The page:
The following is a guest post by Peter Wiggins of idustrial revolution.
Rewind to February 2007 when George W Bush and Tony Blair were governing, The Departed won four Oscars, The Dixie Chicks dominated the Grammys and Britney Spears shaved her head.
In editing news, we were busy working with the universal binaries of the first Final Cut Pro Studio. Final Cut Pro 6 (Studio 2) didn’t arrive until NAB. February 2007 was also the month that the popular volumetric light spill plugin Volumetrix from Idustrial Revolution was born.
Until that day, FCP users could not get those gorgeous, deep rays and glows that are now ‘go to’ effects to liven up text and logos in productions ranging from SD home videos, to corporate logos, to 4K movie film titles.
Constructed with FxFactory, the plugin was designed to maximize the GPU, not the CPU as was the case of the existing FCP products on the market. It rendered damn fast at a very high quality too. The plugin was initially available for FCP, Motion, and (if you remember it) Final Cut Express!
Volumetrix 2 brought many new features such as glints and distorts and your animations could now go in any of 360 directions instead of 4. Further updates brought compatibility with Adobe’s After Effects and later after the makeover, Premiere on the Mac. We even gave it a tweak at the end of November ’15 by adding some new presets to highlight text.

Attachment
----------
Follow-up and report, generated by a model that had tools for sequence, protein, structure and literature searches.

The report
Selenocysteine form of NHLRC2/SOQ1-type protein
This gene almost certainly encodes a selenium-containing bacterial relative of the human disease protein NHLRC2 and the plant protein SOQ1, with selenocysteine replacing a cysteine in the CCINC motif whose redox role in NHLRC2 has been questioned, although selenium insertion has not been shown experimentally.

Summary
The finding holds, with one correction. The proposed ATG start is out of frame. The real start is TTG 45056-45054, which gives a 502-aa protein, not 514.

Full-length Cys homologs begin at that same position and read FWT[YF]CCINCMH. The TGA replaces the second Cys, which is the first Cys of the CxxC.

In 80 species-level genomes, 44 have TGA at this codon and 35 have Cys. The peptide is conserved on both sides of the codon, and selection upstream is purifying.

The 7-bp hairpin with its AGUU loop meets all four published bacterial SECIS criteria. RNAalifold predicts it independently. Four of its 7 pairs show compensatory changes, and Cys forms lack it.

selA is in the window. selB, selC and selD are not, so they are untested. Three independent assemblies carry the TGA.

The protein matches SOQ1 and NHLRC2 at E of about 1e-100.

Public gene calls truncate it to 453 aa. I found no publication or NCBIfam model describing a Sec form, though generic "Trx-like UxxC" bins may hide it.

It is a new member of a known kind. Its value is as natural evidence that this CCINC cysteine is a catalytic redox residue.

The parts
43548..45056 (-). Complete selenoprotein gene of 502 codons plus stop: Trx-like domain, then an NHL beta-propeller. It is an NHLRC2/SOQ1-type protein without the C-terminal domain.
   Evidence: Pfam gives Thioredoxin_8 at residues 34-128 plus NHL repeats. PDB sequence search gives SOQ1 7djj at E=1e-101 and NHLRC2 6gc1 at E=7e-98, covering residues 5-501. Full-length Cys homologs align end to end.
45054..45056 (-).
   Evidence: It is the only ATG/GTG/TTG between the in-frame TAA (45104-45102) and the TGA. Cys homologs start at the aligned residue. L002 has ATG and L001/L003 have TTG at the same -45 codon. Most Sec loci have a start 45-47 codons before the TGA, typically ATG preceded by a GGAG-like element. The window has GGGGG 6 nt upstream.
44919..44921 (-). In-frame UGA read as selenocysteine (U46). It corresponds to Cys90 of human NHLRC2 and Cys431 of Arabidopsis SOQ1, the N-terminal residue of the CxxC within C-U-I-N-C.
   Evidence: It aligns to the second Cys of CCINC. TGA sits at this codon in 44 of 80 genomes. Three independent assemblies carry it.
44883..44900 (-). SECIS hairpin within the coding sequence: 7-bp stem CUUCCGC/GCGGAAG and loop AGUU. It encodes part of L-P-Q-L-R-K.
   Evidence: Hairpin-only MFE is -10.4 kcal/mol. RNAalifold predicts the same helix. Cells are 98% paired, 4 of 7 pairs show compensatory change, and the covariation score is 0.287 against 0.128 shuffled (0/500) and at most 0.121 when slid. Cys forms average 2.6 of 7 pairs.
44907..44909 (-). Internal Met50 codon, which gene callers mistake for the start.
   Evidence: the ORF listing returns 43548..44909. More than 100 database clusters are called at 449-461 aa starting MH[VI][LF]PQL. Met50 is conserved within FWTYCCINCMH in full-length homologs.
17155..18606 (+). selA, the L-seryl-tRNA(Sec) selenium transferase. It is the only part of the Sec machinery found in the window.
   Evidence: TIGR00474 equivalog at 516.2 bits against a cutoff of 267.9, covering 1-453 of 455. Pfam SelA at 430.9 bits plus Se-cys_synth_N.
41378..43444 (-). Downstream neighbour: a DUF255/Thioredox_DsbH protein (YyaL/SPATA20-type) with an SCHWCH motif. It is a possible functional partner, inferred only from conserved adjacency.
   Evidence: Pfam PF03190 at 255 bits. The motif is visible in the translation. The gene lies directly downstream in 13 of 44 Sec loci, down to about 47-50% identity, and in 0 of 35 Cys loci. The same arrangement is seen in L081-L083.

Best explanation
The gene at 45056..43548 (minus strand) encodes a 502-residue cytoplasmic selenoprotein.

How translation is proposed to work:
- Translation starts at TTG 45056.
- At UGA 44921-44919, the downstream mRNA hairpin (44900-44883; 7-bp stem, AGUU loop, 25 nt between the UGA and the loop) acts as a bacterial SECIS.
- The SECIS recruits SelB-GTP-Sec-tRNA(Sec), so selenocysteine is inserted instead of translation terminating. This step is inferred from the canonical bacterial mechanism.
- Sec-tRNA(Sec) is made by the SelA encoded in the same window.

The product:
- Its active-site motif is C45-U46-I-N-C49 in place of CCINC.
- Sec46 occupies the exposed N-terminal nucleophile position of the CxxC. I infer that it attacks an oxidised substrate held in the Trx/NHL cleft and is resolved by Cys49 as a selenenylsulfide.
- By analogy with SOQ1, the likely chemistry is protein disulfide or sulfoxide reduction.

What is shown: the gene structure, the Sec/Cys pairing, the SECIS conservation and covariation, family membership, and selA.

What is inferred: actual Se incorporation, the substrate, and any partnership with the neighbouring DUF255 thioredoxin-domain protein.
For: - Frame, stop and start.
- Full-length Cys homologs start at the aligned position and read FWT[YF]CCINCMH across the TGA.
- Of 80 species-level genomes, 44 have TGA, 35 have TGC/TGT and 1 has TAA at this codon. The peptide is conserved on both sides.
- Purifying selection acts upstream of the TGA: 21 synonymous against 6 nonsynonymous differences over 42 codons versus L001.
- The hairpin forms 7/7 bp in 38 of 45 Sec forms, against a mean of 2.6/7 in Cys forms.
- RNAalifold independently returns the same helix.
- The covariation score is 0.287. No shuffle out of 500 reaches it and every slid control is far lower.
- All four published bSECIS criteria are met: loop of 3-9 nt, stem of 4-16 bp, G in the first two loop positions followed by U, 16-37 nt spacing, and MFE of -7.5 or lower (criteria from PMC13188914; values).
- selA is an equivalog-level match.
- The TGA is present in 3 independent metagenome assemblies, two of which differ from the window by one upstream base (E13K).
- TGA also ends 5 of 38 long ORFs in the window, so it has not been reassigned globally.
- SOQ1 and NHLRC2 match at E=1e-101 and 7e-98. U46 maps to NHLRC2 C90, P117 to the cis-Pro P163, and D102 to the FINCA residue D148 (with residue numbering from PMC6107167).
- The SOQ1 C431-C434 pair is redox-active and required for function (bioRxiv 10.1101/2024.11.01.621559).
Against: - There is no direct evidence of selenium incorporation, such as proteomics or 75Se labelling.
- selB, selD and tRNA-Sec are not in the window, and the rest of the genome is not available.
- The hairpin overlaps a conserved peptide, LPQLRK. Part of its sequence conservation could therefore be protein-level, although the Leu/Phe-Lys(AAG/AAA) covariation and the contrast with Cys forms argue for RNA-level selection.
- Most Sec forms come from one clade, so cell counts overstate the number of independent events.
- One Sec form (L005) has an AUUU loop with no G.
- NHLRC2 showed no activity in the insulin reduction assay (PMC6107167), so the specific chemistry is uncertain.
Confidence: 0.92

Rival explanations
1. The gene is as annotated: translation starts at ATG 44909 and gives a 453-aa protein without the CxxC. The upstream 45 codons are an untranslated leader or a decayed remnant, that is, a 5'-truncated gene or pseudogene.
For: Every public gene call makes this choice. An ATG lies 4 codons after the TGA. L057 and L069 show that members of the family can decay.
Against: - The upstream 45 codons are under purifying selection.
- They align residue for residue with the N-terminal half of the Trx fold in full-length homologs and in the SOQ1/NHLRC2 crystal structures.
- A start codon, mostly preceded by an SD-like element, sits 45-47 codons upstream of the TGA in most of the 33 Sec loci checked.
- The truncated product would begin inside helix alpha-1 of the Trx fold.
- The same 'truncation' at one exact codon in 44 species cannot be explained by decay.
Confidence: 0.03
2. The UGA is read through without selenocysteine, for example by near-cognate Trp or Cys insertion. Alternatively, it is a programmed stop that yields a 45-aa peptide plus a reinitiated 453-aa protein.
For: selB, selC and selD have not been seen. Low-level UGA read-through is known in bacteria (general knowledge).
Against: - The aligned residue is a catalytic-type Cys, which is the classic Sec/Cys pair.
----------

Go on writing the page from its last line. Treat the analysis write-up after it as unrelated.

10 years and thousands of customers later, we are proud that this plugin is now the longest serving 3rd party product in the FxFactory line up.
You can download the Volumetrix free trial to peruse the 70 one-click presets or design your own reveals and highlights using the rays, glows, glints and distorts.
We would also like to take this opportunity to thank all our beta testers, reviewers, evangelists and more importantly all our customers for making Volumetrix a great success over 10 years. It was indeed the start of an Idustrial Revolution.
So where will Volumetrix be in another 10 years’ time? Still going strong we hope.
Peter is a broadcast Final Cut Pro X editor working in England concentrating on high pressure, quick turnaround sports and events. He has pioneered many ‘edit whilst ingesting’ workflows that have now become industry standard worldwide.
Since 2006 he has written and published Final Cut Pro plugins and templates under the idustrial revolution brand.
You will also find Peter as Editor-in-Charge at the popular Final Cut Pro X website, www.fcp.co.
Peter is proud to have been made an honorary Freeman of Lichfield, where he lives. Unfortunately this doesn’t mean he can herd sheep through the centre of the city on a Saturday morning.